Reason and belief

faithreasonIn the March 2013 issue of Quadrant, “one of Australia’s leading intellectual magazines,” Michael Giffin made a plea for rationality in his article The Church, Its Enemies, and Child Abuse. He points out that “unfortunately (the media) reports (child abuse) in a way that, in the public mind, links it predominantly with the Catholic Church, as if that’s the principle institution with a case to answer.” Michael Giffin is a priest in the Anglican diocese of Sydney so one can assume that he is not a mindless defender of the Catholic Church. Instead, he is pointing out the dangers in a very complex and emotional discussion. “It’s hard not to feel danger looming, when listening to (ostensibly educated professionals involved in identifying and prosecuting child abuse) as they bounce back and forth between rationality and irrationality.”

The source of the danger

My friend Father Brendan Purcell is a respected professor of philosophy. He has examined the source of dangerous irrationality in an article on Richard Dawkins, the famous atheist. He uses another atheist’s own words to convict Dawkins of the very crime that he and the author accuse believers of. Richard Dawkins quotes Sam Harris, another atheist who wrote: “‘We have names for people who have many beliefs for which there is no rational justification. When their beliefs are extremely common we call them “religious”; otherwise, they are likely to be called ‘mad’, ‘psychotic’ or ‘delusional.'” [1] Father Purcell then uses three quotes from the distinguished modern philospher Wittgenstein to point toward the irrationality in Dawkins and Harris’s own position:

  • It is not how things are in the world that is mystical, but that it exists.
  • We feel that even when all possible scientific questions have been answered, our problems of life remain completely untouched…
  • One keeps forgetting to go right down to the foundations. One doesn’t put the question marks deep enough down. [2]

Brendan points out that Dawkins is being at least inconsistent if not irrational in his position. “Would Harris or Dawkins find that there is ‘no rational justification’ for these experiences of Wittgenstein? If there is even a possibility that they might be valid, it does not make sense to call them delusions, with all that word’s connotations both of a serious lack of interest in intellectual inquiry and a fear that such experiences may not in fact be true at all.” [3] Why would educated, even brilliant professionals like Dawkins, or the others that Michael Giffin refers to, “bounce back and forth between rationality and irrationality”? I think my friend Brendan points directly at the source of the issue — “fear” of the consequences of following rational argument wherever it may lead. Dawkins is afraid that there may be a rational case for religious belief. The professionals that Michael Giffen refers to — lawyers, scientists, lobby groups and others engaged in the child abuse issue — are afraid that they might have to admit that as an institution the Catholic Church is no more guilty of child abuse that many other secular organisations.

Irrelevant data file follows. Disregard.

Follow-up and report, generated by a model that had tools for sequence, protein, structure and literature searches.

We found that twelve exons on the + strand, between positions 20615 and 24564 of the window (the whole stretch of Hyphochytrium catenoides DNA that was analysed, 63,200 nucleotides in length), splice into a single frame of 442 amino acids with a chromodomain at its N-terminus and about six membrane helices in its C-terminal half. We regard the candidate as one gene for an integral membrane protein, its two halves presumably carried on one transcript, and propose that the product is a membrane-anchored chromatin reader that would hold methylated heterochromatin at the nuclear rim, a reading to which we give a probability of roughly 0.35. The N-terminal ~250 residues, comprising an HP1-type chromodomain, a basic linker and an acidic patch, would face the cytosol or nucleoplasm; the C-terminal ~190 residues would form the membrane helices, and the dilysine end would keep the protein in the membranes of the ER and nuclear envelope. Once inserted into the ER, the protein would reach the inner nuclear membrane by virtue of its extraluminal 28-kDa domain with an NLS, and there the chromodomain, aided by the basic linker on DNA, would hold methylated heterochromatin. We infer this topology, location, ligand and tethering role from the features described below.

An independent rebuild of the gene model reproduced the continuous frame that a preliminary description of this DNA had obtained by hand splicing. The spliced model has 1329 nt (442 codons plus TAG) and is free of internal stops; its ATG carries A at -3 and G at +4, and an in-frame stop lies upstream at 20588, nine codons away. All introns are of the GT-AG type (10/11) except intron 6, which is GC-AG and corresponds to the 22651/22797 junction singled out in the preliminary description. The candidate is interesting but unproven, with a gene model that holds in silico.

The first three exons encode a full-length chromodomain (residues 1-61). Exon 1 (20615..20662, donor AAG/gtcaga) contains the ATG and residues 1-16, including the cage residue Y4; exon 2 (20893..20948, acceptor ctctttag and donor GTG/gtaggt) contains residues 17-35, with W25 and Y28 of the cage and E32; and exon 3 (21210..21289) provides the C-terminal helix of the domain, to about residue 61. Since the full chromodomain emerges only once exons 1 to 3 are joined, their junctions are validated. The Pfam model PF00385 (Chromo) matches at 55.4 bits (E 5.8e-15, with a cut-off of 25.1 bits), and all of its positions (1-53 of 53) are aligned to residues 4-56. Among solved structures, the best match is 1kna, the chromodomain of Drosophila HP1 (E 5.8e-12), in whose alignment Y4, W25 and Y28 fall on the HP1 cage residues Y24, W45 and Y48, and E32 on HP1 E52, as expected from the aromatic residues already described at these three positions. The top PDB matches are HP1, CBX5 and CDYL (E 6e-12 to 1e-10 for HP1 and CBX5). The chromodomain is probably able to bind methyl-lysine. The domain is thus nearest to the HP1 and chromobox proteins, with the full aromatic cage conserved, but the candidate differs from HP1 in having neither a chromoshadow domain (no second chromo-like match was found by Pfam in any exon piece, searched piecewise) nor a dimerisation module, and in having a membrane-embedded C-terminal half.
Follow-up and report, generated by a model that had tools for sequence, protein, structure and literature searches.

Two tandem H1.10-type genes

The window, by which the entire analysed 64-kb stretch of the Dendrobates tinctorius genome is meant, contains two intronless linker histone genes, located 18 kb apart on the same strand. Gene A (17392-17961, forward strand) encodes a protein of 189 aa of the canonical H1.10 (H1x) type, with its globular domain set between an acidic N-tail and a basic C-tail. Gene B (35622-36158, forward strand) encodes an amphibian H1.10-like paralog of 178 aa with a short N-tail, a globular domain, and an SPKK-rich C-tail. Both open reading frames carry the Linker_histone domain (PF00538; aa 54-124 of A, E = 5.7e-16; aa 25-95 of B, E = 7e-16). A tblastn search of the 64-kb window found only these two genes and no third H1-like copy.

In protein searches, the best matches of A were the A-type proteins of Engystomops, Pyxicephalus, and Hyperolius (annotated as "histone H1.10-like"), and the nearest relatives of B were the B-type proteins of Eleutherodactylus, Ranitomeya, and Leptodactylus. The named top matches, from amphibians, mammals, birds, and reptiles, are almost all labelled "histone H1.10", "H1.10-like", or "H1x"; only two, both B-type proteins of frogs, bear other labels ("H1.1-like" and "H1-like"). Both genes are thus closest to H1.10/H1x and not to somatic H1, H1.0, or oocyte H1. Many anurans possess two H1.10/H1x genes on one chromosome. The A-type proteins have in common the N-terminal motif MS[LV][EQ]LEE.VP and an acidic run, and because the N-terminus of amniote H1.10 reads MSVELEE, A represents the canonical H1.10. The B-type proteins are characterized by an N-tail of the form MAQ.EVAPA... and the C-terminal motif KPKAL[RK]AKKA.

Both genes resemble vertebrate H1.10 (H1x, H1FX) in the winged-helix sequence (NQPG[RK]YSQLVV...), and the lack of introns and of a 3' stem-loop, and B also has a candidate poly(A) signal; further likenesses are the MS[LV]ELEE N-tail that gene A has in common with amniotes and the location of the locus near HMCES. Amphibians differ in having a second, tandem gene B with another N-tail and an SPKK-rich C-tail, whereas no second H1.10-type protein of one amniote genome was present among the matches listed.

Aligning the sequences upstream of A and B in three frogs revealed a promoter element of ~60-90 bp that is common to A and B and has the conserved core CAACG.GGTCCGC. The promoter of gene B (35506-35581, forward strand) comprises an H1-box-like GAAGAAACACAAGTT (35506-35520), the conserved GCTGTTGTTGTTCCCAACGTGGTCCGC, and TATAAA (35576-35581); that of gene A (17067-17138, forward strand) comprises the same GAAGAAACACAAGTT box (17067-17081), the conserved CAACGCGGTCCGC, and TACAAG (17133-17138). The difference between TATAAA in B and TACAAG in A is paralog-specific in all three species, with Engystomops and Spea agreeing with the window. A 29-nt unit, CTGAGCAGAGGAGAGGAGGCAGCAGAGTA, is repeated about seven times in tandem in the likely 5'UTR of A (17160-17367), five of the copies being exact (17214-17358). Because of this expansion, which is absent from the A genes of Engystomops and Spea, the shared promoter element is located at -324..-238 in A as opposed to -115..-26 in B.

The quest for authenticity and truth is the antidote for such fear

The basic stance of rationality is that a person should remain open to the implications of the evidence  of his/her experiences. The challenge is ‘remaining open,’ as well as recognising that one may have prejudices and biases like every other human being. Bernard Lonergan calls this situation ‘general bias.’ He writes, “To err is human and common sense is very human . . .Common sense is incapable of analyzing itself.” It takes rigourous self-discipline to examine one’s commonly held beliefs, and to arrive at one’s authentic beliefs. Lonergan describes the journey toward authentic belief as “always precarious, ever a withdrawal from inauthenticity, ever in danger of slipping back toward inauthenticity.” [4]

I think it is clear that authenticity is not a state easily obtained. All human beings must engage in a lifelong quest for truth, which they can genuinely and authentically “bet their life on.” I admire Father Purcell’s gentleness with Richard Dawkins, in surfacing what Dawkins may have great difficulty in admitting to himself — that a belief he has espoused his entire life may not stand the test of reason. Brendan is being a true pastor in his gentleness, encouraging Dawkins to “rethink” his position on God, to be open to a very different possibility and to “bet his life” on the truth of that.

Every Christian must engage in a quest for authenticity. Our beliefs can become ‘common sense,’ especially today when we are surrounded by a culture that holds materialism and success in such high regard. Why not go along with these secular beliefs, at least part way, and achieve a measure of comfort and worldly success? Doing this allows us to provide a safe, secure and comfortable life for ourselves and our family. That can’t be bad. Nonetheless, we must deal with the demands of being a Christian if we are going to be authentic. “Take up your cross and follow me” is a pretty clear invitation from Jesus. (It is no longer seems to be a clear demand of many Christian churches sadly.) Our quest for authenticity must include this aspect of the kingdom; else we have invented a pseudo-Christianity to make ourselves feel good. The quest for authenticity always involves suffering; how do we include that possibility in our lives? To me, the only answer lies in prayer — God forgive me for I am a sinner. Help me to see how to live according to your Holy Will.